Over the past few months, I’ve spent a lot of time investigating the options for teams that want to work with an entirely open-source, self-hostable ecosystem of applications. Like many other projects that attempted this, I wanted a way for people to work together while still owning our data. Our team had a unique extra need compared to most of these projects, however – we wanted whatever we made to be usable by everyone, even people who are not very comfortable with using software, particularly unfamiliar software. Could we find a solution?
I wanted both the setup of server software and use of the clients to be so easy, anyone with basic computing knowledge could do it. The software needed to be secure by default, come with all the features users need, and make updating it as simple as possible. This is what I set out to find, knowing that I would need to settle for “good enough” in a lot of areas.
To be honest: I mostly failed. There is very little software out there that solves even a fraction of a team’s needs “good enough”, let alone as well as paid solutions. As open-source software flourishes in datacenters, it falters on the devices people actually touch. It’s a tale as old as the open-source ecosystem itself, but it was disappointing to see just how little progress has been made in the decades since the Linux kernel took off.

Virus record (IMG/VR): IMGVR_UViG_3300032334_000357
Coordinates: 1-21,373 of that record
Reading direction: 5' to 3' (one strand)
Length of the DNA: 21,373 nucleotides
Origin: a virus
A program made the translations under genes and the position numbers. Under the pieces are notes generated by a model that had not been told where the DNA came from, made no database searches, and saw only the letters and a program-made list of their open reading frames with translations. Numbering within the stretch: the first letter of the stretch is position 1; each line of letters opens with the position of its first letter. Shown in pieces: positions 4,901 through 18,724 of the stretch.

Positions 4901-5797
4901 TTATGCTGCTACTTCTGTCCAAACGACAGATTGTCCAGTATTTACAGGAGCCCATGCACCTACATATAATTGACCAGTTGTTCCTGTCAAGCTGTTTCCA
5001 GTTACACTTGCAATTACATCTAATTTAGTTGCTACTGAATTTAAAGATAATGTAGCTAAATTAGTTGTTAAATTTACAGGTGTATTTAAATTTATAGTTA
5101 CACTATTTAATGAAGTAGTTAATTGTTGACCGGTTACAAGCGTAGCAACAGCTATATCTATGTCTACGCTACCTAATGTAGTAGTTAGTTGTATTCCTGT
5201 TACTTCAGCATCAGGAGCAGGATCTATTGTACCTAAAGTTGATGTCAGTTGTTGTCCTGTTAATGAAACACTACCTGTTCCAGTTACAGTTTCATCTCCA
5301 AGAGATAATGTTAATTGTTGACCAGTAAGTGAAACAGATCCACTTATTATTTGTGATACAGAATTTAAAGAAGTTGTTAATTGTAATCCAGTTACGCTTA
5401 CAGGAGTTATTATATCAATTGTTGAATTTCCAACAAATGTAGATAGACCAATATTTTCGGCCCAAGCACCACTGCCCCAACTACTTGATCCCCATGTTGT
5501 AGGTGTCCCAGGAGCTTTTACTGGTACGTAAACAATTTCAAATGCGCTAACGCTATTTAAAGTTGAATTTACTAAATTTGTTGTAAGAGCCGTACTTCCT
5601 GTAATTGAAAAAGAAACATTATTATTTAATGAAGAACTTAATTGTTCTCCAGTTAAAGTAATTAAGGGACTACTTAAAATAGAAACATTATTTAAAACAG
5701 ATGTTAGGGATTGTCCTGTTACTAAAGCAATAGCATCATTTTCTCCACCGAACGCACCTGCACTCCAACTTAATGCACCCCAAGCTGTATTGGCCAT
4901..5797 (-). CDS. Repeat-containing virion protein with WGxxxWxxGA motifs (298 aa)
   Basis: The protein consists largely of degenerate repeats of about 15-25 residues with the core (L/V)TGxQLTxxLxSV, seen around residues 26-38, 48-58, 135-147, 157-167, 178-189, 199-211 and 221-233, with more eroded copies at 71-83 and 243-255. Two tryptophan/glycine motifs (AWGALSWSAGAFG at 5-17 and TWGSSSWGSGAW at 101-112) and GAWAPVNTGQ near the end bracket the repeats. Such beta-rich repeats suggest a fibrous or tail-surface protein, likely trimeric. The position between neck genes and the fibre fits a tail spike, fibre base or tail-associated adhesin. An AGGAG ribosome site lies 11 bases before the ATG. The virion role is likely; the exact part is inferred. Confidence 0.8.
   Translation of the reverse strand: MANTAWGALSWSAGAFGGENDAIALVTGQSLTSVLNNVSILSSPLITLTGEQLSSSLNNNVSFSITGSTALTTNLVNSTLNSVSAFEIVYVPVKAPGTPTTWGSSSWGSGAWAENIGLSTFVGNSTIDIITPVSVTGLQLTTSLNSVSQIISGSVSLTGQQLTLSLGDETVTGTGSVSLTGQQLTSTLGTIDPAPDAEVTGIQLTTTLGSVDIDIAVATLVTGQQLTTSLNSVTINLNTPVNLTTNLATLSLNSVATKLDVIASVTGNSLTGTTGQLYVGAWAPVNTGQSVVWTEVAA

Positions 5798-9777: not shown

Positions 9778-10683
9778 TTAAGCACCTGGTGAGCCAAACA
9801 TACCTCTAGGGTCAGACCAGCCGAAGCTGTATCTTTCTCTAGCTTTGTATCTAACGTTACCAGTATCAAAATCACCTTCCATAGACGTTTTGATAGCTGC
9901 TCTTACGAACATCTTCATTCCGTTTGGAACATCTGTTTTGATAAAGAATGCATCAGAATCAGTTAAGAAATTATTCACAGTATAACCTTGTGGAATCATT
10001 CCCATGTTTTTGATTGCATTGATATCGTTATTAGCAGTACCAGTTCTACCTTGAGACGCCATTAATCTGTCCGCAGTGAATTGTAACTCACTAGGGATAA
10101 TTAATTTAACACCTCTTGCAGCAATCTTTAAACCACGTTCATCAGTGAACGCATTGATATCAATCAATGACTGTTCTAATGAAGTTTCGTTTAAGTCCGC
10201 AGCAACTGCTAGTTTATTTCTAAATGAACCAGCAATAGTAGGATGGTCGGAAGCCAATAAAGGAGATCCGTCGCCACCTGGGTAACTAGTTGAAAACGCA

These are my notes from a field exploration of the prospect of running a modern, generalized team with only open source software (The basic things you would expect from Office/G Suite, basically – Email, Calendar, Document editing, file sync, you get the idea).
If you are committed to going open source no matter the cost, you may find some useful information here. If you’re in the walled garden of Google, Microsoft, or Apple, find yourself swearing at their deficiencies and looking for alternatives, I think you’ll find a few reasons to stay.
An illustration of the problem: choosing a Slack replacement
I started by looking at chat programs, wanting a replacement for Slack. I like Slack a lot, and there are a surprising number of robust open-source alternatives. Surely one of them would be a great fit!
I looked at these options:
All except two were non-starters. Here are the apps that didn’t make the cut to Round 2:
Zulip was easy to install and the official Zulip client can connect to self-hosted servers, which was a great start. Zulip uses a unique threading system that takes getting used to, but some find very useful and I could see the utility of it. For people unfamiliar with the way it works, it’s not a hindrance to basic use. Zulip is open source and seemed to welcome contributions, but wasn’t a busy repo.